Reading: Jacques Monod. Chance and Necessity. Chapter 2
Summary: Lucas Mix presented a summary of Monod’s arguments.
A) Monod begins with the notion that living things are “strange objects,” having invariance (inheritance) and teleonomy (being endowed with a purpose or project) and some concept of objectivity. He presents three theories for understanding this strangeness.
1) Animism – There is a (non-objective) “universal teleonomic principle” moving in all things, but more intensely in living things. The universe is projective. Monod attributes this historically to the projection of human teleonomy (in the nervous system) onto non-humans and sees in it a desire for a “covenant” between man and nature. Monod attributes this perspective to Herbert Spencer, Karl Marx, and Pierre Teilhard de Chardin.]
“But to make dialectical contradiction the ‘fundamental law’ of all movement, all evolution, is nonetheless to try to systematize a subjective interpretation of nature whereby it may be shown to have an ascending, constructive, creative intent, a purpose; in short to make nature decipherable and morally meaningful. This is ‘animist projection; again, always recognizable whatever its disguises…This interpretation is not only foreign to science but incompatible with it…” p.39
For Monod, it is this desire for subjective/projective/value laden/moral knowledge that led Friedrich Engels to reject natural selection and the second law of thermodynamics, Vladimir Lenin to reject the work of Ernst Mach, and Trofim Lysenko to reject genetics. It is incompatible with “the postulate of objectivity.”
2) Vitalism – Living things have something non-objective which endows them with teleonomy. Some things are projective.
Metaphysical Vitalism (a la Henri Bergson) positively asserts a vital force available to intuition but not reason.
Scientistic Vitalism (a la Michael Polanyi) denies that physical principles fully explain biology. [emergent laws]
3) Selective Theory (Evolution by Natural Selection) – teleonomy arises from invariance through adaptation. Nothing is projective. Monod calls this the only scientific option.
B) Particular events cannot be predicted, though classes of events can.
“We would like to think ourselves necessary, inevitable, ordained from all eternity. All religions, nearly all philosophies, and even a part of science testify to the unwearying, heroic effort of mankind desperately trying to deny its own contingency.” p. 44
“…that nature is objective, that the systematic confronting of logic and experience is the sole source of true knowledge.” p. 167
“objective knowledge is the only authentic source of truth.” p. 169
“The moment one makes objectivity the condition sine qua non of true knowledge, a radical distinction, indispensible to the very search for truth, is established between the domains of ethics and knowledge. Knowledge is itself is exclusive of all value judgment (all save that of ‘epistemological value’) whereas ethics, in essence nonobjective, is forever banned from the sphere of knowledge….It is in effect this radical distinction, laid down as an axiom, that created science.” p. 174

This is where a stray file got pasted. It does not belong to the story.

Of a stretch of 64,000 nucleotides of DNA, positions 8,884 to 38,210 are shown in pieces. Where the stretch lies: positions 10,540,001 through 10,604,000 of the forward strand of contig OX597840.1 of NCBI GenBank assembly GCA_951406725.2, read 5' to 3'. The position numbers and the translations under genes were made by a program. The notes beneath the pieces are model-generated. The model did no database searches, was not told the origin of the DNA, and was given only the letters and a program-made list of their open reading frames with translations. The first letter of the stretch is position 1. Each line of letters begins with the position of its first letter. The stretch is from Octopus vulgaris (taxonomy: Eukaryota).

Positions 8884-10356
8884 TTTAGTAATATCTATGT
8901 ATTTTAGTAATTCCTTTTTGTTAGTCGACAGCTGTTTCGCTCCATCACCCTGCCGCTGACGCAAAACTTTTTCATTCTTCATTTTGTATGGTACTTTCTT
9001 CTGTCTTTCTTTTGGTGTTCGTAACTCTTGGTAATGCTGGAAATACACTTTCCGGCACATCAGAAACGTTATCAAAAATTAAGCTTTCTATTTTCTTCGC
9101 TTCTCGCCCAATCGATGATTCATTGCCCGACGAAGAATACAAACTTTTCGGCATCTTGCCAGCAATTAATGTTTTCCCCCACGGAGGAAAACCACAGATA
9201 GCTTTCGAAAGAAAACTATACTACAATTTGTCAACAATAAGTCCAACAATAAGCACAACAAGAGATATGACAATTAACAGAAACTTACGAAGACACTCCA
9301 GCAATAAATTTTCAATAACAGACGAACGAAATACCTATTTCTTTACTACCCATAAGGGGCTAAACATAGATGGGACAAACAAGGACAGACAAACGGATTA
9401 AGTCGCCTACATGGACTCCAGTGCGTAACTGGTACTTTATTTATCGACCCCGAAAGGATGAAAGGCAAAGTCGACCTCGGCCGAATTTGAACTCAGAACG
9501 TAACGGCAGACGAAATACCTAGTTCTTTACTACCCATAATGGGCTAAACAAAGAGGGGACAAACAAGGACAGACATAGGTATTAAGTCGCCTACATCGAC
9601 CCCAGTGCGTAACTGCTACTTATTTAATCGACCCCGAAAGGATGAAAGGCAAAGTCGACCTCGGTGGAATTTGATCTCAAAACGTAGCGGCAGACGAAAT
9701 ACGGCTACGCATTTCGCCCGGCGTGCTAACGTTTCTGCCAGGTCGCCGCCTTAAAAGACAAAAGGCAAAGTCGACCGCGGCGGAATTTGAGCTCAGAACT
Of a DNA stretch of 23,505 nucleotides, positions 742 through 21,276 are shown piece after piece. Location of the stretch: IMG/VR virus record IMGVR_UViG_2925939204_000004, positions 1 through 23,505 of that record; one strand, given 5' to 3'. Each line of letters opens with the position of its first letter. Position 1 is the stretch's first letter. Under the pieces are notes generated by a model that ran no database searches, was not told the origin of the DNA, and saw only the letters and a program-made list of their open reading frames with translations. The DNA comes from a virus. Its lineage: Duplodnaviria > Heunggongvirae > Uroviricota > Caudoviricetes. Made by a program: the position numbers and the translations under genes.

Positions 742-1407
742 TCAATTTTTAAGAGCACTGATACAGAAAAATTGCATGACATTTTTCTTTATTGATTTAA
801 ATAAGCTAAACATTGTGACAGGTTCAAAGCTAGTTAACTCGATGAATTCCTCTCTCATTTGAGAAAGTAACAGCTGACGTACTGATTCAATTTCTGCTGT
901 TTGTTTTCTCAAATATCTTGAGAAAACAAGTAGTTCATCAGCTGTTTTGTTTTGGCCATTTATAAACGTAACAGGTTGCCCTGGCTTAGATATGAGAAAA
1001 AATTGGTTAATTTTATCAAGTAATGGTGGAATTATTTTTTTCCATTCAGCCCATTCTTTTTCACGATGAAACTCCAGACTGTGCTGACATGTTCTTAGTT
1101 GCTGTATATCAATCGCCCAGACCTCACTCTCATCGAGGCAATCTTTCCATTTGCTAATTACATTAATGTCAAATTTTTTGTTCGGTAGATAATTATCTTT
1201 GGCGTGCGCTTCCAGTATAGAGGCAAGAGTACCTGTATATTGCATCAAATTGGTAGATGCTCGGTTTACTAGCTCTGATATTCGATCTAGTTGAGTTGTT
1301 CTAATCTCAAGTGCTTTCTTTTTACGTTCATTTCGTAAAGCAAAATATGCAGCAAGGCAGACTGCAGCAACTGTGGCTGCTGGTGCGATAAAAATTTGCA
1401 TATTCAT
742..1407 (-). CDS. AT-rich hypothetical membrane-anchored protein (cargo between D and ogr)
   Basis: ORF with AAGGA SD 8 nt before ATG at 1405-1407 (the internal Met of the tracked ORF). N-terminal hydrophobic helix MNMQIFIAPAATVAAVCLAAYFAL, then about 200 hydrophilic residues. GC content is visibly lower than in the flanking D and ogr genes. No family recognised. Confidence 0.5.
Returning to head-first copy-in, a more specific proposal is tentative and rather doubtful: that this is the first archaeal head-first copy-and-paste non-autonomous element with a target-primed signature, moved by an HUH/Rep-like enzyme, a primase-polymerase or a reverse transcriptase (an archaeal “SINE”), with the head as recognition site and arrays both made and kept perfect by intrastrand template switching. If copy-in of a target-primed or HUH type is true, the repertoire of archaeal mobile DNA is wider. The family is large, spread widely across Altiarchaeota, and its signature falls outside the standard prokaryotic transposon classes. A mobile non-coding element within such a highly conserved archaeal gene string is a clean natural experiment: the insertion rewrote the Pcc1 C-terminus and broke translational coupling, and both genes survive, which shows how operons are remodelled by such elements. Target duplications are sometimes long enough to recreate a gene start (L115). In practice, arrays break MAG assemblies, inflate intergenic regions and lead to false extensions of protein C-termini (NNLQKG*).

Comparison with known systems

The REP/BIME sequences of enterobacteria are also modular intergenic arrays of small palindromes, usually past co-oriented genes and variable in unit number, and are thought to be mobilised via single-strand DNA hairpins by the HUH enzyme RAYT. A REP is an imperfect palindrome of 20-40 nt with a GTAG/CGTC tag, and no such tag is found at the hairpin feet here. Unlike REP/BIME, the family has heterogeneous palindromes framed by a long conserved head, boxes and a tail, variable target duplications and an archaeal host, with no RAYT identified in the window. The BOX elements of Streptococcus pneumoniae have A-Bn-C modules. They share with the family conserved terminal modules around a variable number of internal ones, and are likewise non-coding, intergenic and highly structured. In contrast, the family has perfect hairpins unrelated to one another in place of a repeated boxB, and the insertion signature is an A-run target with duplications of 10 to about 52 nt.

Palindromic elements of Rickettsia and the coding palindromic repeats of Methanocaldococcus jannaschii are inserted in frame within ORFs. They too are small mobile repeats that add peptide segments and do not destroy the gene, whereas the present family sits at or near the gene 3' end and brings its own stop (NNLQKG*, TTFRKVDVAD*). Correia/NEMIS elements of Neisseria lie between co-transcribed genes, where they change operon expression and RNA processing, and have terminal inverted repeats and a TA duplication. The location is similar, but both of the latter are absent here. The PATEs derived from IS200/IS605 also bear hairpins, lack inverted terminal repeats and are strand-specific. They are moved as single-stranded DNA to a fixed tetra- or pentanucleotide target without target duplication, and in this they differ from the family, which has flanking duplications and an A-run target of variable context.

Value based science won’t work and the only value consistent with science is the value of scientific epistemology, including the postulate of objectivity.
Discussion centered on concepts of teleonomy and the limits of science. Throughout the semester, we have been circling around how we use the words and in this session, we came closest to addressing specifically what is at stake in evolutionary biology.
We touched on the “teleology” of Aristotle, who uses the word “entelechism” (Being at an end) with regard to souls and life.
This has classically been interpreted through the lens of Aquinas who sees it as orientation toward an end state, just as potentiality becomes actuality). This is both projective and end driven.
Alternatively, interpretation in the last 20-30 years has focused on the idea of entelechy as processes that are, in some sense, fulfilled in action. Consider being in orbit as a continuous state of free fall as opposed to falling down on Earth, where one completes the action by being at rest on the floor.
The second question returned to the issue of whether there are a priori constraints to scientific knowledge and what they might be.
Is there a requirement for observations? Empirical observations? If so, what “observations” contribute to mathematical knowledge, and can it be considered scientific? Are there any observations that support claims of teleology in the sense of Aquinas? In the sense of Aristotle?
What is the difference between science as practice and science as methodology? Is everything good scientists do “good science”? How do we arrive at scientific knowledge and what are the constraints?